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IB DP History Study Notes

4.1.1 Racism and Violence in the United States (1954-1965)

Delving into the origins and repercussions of racism and its associated violence during this pivotal era offers a deeper appreciation of the Civil Rights Movement's motivations and challenges.

Historical Context of Racism against African Americans

Origins of Racial Prejudice: The enslavement of Africans and their transportation to the Americas in the 16th century sowed the initial seeds of racial prejudice. This dehumanisation was codified into laws and practices that would persist for centuries.

  • Reconstruction Era (1865-1877): Post the Civil War, this era aimed to rebuild the Southern states and reintegrate them into the Union. Initially, this period saw African Americans gain political rights and representation. However, with the end of military occupation, these advancements were rapidly reversed, leading to the rise of white supremacist groups and sentiments.
  • Jim Crow Laws (late 19th century to mid-20th century): Named after a derogatory term for African Americans, these laws enforced racial segregation in the Southern United States. Encompassing everything from separate schooling to segregated public facilities, they institutionalised the notion of African Americans as inferior.

Specific Instances of Violence

Lynchings: Extrajudicial killings carried out by mobs, these acts were particularly prevalent from the 1880s to 1960s. They were a brutal means of enforcing racial hierarchy.

  • Emmett Till (1955): A 14-year-old African American boy who was brutally murdered in Mississippi for allegedly whistling at a white woman. His death and the subsequent acquittal of his murderers galvanised the Civil Rights Movement.

Tulsa Race Massacre (1921): In Tulsa, Oklahoma, a thriving black community in Greenwood, dubbed "Black Wall Street", was razed. A confrontation in an elevator between a black man and a white woman led to racial tensions, culminating in violence. White mobs looted and burned the district, leading to the death of hundreds of African Americans and displacing thousands.

Activities by the Ku Klux Klan:

  • Formation and First Wave (1865-1870s): Originating as a social club in Tennessee, the Klan quickly evolved into a paramilitary group opposing the reconstruction era reforms. Their tactics included intimidation, violence, and even murder to suppress black political power.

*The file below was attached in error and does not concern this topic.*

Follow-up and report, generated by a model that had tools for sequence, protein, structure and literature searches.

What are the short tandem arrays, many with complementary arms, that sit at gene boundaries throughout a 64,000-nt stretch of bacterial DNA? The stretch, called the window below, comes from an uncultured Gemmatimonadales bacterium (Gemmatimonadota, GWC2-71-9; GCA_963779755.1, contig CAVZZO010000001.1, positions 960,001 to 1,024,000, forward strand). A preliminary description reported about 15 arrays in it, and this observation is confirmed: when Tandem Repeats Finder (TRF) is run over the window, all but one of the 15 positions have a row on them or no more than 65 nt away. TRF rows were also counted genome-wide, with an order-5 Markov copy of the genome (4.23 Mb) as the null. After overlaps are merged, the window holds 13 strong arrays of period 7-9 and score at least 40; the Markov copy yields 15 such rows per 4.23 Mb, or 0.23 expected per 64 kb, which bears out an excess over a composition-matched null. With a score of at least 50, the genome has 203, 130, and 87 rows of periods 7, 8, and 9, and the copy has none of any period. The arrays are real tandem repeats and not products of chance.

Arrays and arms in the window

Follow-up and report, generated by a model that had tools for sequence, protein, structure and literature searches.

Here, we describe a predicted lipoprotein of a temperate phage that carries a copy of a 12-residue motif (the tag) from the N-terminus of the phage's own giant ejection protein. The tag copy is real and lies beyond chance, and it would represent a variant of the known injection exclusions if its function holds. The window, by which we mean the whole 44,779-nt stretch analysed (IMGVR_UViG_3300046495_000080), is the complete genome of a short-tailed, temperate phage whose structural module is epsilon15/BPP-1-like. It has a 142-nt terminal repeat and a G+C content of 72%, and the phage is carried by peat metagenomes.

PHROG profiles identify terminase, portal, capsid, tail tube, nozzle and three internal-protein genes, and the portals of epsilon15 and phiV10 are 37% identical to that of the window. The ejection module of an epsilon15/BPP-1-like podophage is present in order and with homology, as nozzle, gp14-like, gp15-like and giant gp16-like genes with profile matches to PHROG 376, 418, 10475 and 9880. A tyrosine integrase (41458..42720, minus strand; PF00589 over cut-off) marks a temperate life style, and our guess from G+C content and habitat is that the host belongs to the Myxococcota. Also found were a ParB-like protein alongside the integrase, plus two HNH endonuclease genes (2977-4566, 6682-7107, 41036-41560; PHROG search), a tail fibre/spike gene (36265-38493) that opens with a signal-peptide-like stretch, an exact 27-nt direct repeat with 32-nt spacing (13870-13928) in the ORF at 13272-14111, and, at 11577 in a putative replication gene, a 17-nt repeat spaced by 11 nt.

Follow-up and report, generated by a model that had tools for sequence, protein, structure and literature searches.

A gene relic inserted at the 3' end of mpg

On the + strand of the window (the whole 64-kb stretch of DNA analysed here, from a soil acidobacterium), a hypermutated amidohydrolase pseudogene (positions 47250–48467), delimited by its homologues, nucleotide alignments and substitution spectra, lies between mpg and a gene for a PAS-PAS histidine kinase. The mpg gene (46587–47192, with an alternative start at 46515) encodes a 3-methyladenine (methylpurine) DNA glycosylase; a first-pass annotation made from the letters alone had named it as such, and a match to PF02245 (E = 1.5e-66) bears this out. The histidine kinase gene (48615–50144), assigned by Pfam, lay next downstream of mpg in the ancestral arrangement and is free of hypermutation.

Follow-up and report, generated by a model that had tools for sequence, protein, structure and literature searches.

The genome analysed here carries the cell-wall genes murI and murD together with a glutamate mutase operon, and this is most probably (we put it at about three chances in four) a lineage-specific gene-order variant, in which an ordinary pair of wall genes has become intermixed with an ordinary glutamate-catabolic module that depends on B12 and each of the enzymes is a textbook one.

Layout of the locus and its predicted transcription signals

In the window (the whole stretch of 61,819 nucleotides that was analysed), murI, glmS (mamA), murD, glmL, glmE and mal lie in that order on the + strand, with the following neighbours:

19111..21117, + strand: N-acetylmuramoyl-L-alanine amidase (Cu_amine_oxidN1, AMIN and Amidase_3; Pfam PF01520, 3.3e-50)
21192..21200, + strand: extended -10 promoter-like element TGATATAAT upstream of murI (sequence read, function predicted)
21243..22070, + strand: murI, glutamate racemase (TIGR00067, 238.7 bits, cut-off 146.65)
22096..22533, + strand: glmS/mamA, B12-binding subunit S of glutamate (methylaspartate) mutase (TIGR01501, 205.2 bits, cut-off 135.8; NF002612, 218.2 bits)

• Second Wave (1910s-1940s): Capitalising on the release of the film "The Birth of a Nation" in 1915, which portrayed the Klan as heroic, the organisation expanded its base and membership. Targeting not just African Americans, but also Jews, Catholics, and immigrants, it championed "100% Americanism" and infiltrated mainstream politics.
  • Third Wave (1960s-Present): Opposing the gains of the Civil Rights Movement, the Klan reverted to more overt acts of violence. Churches serving African American communities were bombed, activists were murdered, and intimidation was widespread.

Psychological and Societal Impact of Racism and Violence

Psychological Trauma: The relentless threat of violence had far-reaching psychological implications on the African American populace.

  • Fear and Vigilance: The fear of being targeted because of one's race, either by a white mob or by groups like the KKK, was pervasive. This led to a state of perpetual alertness, with many constantly gauging their actions to avoid potential confrontations or violence.
  • Internalised Racism: Years of exposure to demeaning stereotypes, coupled with systematic discrimination, led to internalised racism. This phenomenon saw individuals believing, either consciously or subconsciously, in the negative tropes associated with their own racial or ethnic group, leading to feelings of self-worthlessness and despair.

Societal Impact:

  • Migration Patterns: The oppressive racial climate, particularly in the Southern states, was instrumental in the Great Migration. This mass relocation saw African Americans migrate to Northern, Midwest, and Western states in search of a better life, free from the shackles of racism and violence.
  • Formation of Protective Communities: As a countermeasure to the rampant external threats, African Americans established close-knit communities. Such enclaves were not just a means of mutual protection but also served as hubs for cultural expression and civil rights advocacy. The Harlem Renaissance is a prime example of such a cultural blossoming within a protective community.
  • Distrust of Authorities: Incidents where law enforcement agencies either participated in racial violence or chose to overlook it bred a profound mistrust of the authorities among African Americans. This sentiment, deeply ingrained, laid the foundation for many confrontations and struggles in the subsequent decades.

Further exploration into the nuanced layers of the Civil Rights Movement, from disenfranchisement to pivotal personalities, is covered in subsequent sections of this syllabus.